Saturday, December 27, 2008

I Lost Yet Another Remarkable Friend…

Paradise Valley, AZ—When I wanted to audition for my first acting role in the play, One Flew over The Cuckoo’s Nest for A Scottsdale theater I could not find a copy of the script anywhere. I just didn’t know where to look. Frustrated, I decided to try and find the author. I am, after all a private investigator.

The author of that great play was a man named Dale Wasserman. I was happy because with such an uncommon name he’d be easier to find than his script. I fully expected to find him in Los Angeles or New York. I was shocked to find him living only a few miles from my Phoenix home. I quickly obtained his unlisted telephone number and called him.

Dale turned out to be a delightful fellow who understood my difficulty and invited me over to pick up an extra copy of his script. Wow!

When I arrived Dale invited me into his large home office decorated in, “Man of LaMancha” motif. Yes, he wrote that huge international hit play too. Dale handed me a copy of the play and I could not resist asking him to autograph it for me. Dale suggested I read for Bromden, the Native American role.

I took the script home, studied it and came to the audition and read for it. I did not get the part. I did however get picked for the role of Dr. Spivey the psychiatrist. I went on to be in that play that sold out every night and was twice extended. I was hooked on acting.

Soon I was in Man of LaMancha too as a muleteer. After that, came more roles and membership in the, Screen Actor’s Guild, and later AFTRA. I have still paid more in dues than I ever made as an actor.

Dale later called me for a small business problem over some property he owned and I helped him in kind.

Dale offered to read the first script I wrote and then helped me by completely trashing it. He urged me to continue writing and confided in me that the royalty checks for his works have never stopped coming to his mailbox. His writing skills served him well. He put me in the right direction and you cannot buy that kind of help.

We became friends. Soon he invited me to audition for his play, A Walk In The Sky. How could I refuse? I went, I auditioned and was promptly rejected for that singing role.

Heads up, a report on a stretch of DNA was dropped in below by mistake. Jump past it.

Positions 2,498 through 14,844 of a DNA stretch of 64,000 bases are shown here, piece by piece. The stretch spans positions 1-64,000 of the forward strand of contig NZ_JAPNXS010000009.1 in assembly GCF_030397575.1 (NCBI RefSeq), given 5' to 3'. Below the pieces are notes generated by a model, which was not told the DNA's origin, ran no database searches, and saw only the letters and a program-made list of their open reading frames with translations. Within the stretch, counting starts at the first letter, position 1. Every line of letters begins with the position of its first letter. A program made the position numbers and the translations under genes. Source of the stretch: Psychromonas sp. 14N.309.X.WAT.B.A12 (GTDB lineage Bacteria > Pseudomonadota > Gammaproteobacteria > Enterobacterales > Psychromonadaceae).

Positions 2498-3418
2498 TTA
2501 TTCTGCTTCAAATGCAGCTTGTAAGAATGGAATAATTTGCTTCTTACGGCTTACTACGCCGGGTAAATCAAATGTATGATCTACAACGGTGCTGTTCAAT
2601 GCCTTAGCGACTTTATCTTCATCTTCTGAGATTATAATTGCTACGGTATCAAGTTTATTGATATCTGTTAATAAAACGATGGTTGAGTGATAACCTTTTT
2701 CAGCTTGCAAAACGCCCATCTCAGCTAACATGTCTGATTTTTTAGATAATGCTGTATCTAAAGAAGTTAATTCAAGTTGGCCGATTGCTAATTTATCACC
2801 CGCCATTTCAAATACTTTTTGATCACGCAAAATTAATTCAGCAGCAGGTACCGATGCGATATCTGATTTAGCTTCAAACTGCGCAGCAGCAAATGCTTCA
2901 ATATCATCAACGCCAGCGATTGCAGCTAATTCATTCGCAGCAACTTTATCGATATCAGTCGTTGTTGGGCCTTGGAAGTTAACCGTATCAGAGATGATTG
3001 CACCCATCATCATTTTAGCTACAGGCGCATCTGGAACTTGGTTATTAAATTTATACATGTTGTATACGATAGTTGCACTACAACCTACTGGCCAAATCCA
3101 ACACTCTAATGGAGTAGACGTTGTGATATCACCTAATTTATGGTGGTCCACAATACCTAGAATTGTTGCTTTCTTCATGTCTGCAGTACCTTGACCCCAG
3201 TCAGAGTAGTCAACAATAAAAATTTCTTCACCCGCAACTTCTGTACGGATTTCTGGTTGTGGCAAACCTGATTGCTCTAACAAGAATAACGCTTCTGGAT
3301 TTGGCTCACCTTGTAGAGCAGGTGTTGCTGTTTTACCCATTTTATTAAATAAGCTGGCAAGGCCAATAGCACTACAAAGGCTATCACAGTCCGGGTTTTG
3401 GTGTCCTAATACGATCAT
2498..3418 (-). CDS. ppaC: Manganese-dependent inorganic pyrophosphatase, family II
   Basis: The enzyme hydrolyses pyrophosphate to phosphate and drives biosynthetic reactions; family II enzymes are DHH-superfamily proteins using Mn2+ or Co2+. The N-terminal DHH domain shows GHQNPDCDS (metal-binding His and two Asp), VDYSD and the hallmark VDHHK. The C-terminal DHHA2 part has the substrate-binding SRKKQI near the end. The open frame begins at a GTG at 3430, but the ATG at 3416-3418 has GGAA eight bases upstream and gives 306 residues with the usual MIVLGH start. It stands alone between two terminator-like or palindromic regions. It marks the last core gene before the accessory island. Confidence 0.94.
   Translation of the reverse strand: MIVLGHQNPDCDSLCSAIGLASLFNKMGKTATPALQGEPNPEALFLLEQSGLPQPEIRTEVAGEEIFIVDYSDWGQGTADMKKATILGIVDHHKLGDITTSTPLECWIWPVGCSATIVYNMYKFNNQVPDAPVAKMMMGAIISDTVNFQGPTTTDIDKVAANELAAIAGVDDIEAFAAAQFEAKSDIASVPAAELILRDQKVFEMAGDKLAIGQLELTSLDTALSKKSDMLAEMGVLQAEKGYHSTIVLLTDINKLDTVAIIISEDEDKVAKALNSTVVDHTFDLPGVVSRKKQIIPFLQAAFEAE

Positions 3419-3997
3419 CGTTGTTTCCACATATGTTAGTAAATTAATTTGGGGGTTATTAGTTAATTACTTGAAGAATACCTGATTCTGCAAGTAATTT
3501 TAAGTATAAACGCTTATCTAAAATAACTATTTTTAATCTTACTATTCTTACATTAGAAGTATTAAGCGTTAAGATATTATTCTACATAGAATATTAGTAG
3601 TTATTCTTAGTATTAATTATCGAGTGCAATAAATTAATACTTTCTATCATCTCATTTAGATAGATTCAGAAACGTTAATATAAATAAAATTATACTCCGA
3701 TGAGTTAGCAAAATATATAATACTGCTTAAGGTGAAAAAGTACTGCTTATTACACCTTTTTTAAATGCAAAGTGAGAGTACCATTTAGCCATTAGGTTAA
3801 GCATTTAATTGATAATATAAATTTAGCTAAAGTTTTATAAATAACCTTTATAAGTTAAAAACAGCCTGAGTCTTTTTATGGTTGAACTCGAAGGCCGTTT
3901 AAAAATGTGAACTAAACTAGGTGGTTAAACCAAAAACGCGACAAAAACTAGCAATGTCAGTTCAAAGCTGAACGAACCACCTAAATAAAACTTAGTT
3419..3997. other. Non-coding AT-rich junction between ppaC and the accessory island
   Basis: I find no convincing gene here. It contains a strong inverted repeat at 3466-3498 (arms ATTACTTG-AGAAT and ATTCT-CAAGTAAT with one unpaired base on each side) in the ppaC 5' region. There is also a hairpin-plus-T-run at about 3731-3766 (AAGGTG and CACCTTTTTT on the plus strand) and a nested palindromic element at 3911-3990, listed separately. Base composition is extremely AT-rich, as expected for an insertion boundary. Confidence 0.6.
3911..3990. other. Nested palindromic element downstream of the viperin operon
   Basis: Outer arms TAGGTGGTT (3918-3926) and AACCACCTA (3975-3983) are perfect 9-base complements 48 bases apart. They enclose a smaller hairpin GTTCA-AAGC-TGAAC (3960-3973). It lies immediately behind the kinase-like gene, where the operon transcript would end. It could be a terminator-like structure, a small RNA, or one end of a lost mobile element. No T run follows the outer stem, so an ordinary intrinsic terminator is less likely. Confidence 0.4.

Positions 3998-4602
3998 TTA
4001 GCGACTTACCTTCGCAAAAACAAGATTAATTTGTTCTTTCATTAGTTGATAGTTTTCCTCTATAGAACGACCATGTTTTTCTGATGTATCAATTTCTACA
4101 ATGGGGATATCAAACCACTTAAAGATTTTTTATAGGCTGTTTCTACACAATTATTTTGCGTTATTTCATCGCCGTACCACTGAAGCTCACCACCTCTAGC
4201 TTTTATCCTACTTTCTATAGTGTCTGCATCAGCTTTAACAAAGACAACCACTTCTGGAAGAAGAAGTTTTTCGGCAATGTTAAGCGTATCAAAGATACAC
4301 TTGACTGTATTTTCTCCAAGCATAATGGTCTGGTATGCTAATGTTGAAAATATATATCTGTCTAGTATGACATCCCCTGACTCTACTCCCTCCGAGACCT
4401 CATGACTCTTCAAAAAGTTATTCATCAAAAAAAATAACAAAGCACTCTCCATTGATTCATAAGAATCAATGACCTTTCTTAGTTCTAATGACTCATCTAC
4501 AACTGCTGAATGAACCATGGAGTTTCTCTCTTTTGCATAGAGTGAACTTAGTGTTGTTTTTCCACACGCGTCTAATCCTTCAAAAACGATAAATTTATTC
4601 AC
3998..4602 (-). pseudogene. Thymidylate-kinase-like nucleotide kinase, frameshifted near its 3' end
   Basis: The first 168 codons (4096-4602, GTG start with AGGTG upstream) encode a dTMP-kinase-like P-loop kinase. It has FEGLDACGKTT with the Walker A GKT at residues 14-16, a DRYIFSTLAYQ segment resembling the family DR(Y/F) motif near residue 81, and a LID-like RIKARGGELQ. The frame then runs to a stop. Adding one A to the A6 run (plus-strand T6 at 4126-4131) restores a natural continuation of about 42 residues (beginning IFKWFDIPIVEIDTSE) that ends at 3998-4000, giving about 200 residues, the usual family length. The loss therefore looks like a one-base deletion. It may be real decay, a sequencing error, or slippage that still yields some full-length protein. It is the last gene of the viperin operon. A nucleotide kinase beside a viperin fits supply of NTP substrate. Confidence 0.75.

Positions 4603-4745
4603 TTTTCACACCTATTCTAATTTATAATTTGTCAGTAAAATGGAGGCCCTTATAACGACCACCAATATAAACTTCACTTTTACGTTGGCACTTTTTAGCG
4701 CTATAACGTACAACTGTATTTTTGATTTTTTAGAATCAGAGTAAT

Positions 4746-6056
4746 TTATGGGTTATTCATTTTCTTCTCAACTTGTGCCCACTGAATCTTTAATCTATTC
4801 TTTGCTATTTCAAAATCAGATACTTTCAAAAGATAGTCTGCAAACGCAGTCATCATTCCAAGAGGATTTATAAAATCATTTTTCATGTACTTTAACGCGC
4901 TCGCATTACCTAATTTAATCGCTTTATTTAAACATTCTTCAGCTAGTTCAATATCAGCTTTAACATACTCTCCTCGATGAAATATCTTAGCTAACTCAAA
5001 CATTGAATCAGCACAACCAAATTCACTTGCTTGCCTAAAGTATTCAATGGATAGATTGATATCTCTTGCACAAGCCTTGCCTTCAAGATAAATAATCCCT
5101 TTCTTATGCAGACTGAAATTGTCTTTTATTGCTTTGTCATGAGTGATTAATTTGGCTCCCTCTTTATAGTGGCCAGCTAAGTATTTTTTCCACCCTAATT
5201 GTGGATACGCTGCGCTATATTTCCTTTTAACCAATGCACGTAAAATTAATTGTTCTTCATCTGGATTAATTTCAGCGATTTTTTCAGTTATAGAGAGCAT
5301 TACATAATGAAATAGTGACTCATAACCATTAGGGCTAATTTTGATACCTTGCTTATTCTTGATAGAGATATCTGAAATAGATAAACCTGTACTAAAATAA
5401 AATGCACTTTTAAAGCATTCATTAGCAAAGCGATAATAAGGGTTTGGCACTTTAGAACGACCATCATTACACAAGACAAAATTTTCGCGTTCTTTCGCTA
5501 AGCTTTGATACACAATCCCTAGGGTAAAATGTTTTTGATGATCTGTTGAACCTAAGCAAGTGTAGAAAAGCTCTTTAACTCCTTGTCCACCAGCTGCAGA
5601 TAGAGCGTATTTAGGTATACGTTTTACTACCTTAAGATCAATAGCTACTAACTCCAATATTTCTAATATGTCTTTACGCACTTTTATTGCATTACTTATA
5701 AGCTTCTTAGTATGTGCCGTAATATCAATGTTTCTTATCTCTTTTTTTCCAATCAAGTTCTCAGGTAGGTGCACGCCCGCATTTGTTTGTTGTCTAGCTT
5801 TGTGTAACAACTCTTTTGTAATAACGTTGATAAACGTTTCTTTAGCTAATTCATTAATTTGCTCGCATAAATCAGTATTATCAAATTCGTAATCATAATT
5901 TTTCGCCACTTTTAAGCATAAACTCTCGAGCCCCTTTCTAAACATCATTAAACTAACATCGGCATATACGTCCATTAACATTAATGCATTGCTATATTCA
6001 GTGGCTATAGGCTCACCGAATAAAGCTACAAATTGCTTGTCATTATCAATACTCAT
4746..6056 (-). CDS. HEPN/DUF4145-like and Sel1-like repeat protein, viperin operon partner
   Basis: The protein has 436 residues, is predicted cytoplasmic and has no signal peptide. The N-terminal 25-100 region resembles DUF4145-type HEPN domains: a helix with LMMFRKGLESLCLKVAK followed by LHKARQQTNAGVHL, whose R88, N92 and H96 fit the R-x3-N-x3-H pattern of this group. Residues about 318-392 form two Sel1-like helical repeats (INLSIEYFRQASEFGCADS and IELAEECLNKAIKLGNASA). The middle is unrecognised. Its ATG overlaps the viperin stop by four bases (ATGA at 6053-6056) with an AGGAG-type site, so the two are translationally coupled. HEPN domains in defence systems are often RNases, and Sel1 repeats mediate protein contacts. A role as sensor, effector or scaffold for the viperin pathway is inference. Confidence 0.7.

I did however find a rare vintage photo of Dale’s friend, actor, Kirk Douglass, put it in a frame and gave it to Dale as a small present. Douglass was standing in front of the Broadway marquee where Cuckoo’s Nest was playing. Dale directed Douglass who created the role as the first R.P. McMurphy in the play. Douglass bought the rights and his son Michael produced the wildly successful movie that starred Jack Nicholson. Dale loved the present as he laughed and complained about Douglass being such a hard bargainer.

Dale had several Tony Awards in his home on display and chucked that they all came by UPS since he did not do Award shows. I think he enjoyed being a no show where others, more notable than him had to accept the awards on his behalf. Dale pulled that stunt nine times!

Dale told me he was a train hopping hobo as a youth. He never finished high school, came to Los Angeles started as a lighting assistant and wound up writing 100 or so published works. His first major film script was, The Vikings that starred Kirk Douglass, Tony Curtis and Janet Leigh.

Dale was a mentor who taught me about the craft of screen writing. Without Dale’s influence there would be no script for Come Friday, written by me to tell the great story of Chicago policewoman Ann Leybourne.

It was congestive heart failure that took this giant of a man who was 94 years-old. Wasserman is survived by Martha Nelly Garza, his wife of 30 years.

See video of Dale in his home office here.

1 comment:

Kaden said...

My mother loved Man of La Mancha. She played the recording of the Original Broadway Theatre production so many times as a young girl I knew all the words to all the songs. I lost her when I was 16 yrs old. When I was 18 yrs old I attended a community theatre production of the play and cried when it was over. I felt my mother's presence and knew she was enjoying it with me.

Thank you for sharing the personal story of a man whose mind was capable of great story telling.